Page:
Wednesday, January 06, 2010

APRS phone

I finally succumbed to the idea of using a mobile phone for APRS. It arrived today. The phone is an HTC Touch Pro Windows Mobile phone. It isn't the latest model, but it's one that I knew would run the APRS software I wanted, APRSISCE by KJ4ERJ, and I got it for a very good price from Expansys. Though not visible in the photograph, it's one that has a real (if small) QWERTY keyboard that slides out from the back. So apart from APRS it will also be useful sending and receiving email and surfing the web when I am out.

Unfortunately my phone company 3 UK's account servers were down today so I was unable to log in and add unlimited internet to my package. I had to do it over the phone. This worked out rather well, as because I have had my account for more than 18 months and have not taken advantage of a free upgrade phone they gave me the internet add-on for free. So I have all the minutes and texts I could ever use, plus "unlimited" internet, for £15 a month, which I think is quite a good deal.

Unfortunately I don't think the internet package will start until 15th January (I had a bit of difficulty understanding the Indian gentleman who took my call) so I won't be able to use the internet (and the APRS software) out and about until then. But the phone can use wi-fi so I was able to install the software and get it running from inside the shack.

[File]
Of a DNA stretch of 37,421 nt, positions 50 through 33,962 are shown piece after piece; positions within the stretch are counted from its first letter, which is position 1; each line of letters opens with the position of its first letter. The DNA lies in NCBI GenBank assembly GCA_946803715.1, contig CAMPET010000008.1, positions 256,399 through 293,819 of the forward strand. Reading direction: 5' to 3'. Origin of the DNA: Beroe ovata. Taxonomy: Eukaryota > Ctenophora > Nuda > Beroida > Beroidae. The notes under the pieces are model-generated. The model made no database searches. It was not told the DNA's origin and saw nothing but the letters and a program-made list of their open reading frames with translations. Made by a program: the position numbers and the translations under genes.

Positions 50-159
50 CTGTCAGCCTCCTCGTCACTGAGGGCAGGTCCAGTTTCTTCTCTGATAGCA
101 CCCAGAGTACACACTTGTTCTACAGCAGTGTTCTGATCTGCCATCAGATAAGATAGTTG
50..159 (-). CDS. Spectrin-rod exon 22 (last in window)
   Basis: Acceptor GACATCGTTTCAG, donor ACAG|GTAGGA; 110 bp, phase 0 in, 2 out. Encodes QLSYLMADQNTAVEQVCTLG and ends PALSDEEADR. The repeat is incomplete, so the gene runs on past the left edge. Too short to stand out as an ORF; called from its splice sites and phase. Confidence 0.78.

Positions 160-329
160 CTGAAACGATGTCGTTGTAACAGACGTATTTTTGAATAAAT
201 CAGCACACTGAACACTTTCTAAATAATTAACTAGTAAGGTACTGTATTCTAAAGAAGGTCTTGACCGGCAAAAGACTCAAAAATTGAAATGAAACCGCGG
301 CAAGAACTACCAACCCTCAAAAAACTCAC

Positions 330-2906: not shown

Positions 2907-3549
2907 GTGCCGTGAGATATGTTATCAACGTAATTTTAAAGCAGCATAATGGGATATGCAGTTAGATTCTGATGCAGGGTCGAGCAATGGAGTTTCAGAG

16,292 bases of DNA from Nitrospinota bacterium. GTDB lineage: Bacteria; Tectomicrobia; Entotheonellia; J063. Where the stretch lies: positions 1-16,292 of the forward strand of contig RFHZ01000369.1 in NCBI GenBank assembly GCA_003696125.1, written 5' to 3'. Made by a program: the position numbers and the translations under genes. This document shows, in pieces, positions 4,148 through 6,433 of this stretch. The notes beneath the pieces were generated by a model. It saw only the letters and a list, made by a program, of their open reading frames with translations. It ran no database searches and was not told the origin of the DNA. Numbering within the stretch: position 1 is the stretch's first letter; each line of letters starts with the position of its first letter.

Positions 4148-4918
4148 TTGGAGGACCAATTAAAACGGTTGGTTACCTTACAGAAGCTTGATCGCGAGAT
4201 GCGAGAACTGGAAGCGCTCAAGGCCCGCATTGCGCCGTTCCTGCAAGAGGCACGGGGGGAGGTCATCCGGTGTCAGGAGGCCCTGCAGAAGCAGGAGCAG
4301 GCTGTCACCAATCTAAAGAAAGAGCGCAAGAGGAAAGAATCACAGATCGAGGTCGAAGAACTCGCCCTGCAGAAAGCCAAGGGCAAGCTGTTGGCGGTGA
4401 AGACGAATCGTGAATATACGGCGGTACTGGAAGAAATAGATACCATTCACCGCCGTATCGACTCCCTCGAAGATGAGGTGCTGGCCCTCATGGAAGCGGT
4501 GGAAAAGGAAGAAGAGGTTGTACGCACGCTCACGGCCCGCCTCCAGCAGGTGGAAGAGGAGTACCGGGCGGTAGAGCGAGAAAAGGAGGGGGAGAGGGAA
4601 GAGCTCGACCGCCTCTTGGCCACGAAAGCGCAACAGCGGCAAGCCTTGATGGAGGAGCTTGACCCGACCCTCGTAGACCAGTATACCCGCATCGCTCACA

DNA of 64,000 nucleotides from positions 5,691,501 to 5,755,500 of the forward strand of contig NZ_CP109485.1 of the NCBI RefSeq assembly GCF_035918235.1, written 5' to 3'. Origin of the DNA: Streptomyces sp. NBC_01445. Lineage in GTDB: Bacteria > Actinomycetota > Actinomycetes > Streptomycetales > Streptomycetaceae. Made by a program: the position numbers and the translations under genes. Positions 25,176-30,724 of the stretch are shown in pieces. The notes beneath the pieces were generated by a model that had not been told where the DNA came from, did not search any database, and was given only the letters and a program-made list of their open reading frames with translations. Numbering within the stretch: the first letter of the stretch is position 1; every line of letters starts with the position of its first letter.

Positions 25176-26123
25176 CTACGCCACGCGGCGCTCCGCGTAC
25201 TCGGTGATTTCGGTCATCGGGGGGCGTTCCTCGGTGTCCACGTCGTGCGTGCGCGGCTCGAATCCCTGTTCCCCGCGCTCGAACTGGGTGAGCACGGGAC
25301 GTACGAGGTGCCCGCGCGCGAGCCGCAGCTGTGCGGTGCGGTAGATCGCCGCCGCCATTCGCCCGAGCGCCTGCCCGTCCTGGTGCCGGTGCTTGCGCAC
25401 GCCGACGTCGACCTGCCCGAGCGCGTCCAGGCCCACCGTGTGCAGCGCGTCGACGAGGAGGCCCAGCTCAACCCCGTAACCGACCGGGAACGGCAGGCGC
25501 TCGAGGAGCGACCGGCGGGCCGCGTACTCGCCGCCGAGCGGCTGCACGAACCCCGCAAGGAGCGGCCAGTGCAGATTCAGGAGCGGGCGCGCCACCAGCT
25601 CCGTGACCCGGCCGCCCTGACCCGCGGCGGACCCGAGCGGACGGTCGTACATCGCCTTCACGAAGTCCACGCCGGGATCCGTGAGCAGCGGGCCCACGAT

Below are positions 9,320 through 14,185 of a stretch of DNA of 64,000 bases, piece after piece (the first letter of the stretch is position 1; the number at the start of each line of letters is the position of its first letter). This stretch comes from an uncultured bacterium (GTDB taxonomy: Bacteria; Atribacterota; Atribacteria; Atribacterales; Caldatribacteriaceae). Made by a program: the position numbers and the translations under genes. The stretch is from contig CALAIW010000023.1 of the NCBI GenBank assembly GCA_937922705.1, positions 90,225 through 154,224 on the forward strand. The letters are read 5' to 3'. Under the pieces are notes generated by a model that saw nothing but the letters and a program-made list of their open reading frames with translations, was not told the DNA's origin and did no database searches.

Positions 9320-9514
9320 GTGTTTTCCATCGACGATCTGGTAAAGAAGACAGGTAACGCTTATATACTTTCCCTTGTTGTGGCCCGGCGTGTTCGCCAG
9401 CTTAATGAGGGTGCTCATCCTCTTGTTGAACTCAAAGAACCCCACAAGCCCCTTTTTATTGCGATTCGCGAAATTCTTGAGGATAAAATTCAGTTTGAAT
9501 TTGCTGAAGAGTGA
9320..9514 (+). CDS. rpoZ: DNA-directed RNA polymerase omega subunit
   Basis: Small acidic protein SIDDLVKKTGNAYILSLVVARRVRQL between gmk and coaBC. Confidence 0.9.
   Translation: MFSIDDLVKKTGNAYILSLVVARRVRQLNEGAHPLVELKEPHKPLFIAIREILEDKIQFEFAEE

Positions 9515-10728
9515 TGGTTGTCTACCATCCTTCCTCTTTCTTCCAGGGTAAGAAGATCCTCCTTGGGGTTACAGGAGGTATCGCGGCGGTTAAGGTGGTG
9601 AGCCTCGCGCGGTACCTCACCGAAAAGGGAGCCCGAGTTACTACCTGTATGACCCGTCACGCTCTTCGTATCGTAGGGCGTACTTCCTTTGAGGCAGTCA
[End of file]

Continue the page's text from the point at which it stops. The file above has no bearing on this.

I was very impressed with the performance of the phone's GPS, which picked up signals from several satellites from inside the shack. APRS text messaging works really well - faster than ordinary mobile phone text messaging in fact. It is also faster and more reliable than APRS text messaging over amateur radio, which always seemed a bit hit and miss.

I do feel a bit of a cheat doing APRS this way, but the functionality is just so much better using the phone. The map display of the APRSISCE software is far more useful than the display of the VX-8E, and the compact self contained phone is much more convenient than using a portable GPS linked to an APRS tracker and separate radio.

Since the mobile network will relay my position reports to the internet I can be tracked and receive messages anywhere, not just when in range of an APRS digipeater or gateway. I no longer need to run a (cough, unattended) Internet gateway in order to connect myself to the APRS network. And that simplifies things in the shack a good deal. I have already released the FT-817ND from 2m duty and returned to using the K3 and transverter. So it's smiles all round.

If you have APRS capability feel free to send a text message to G4ILO-12.
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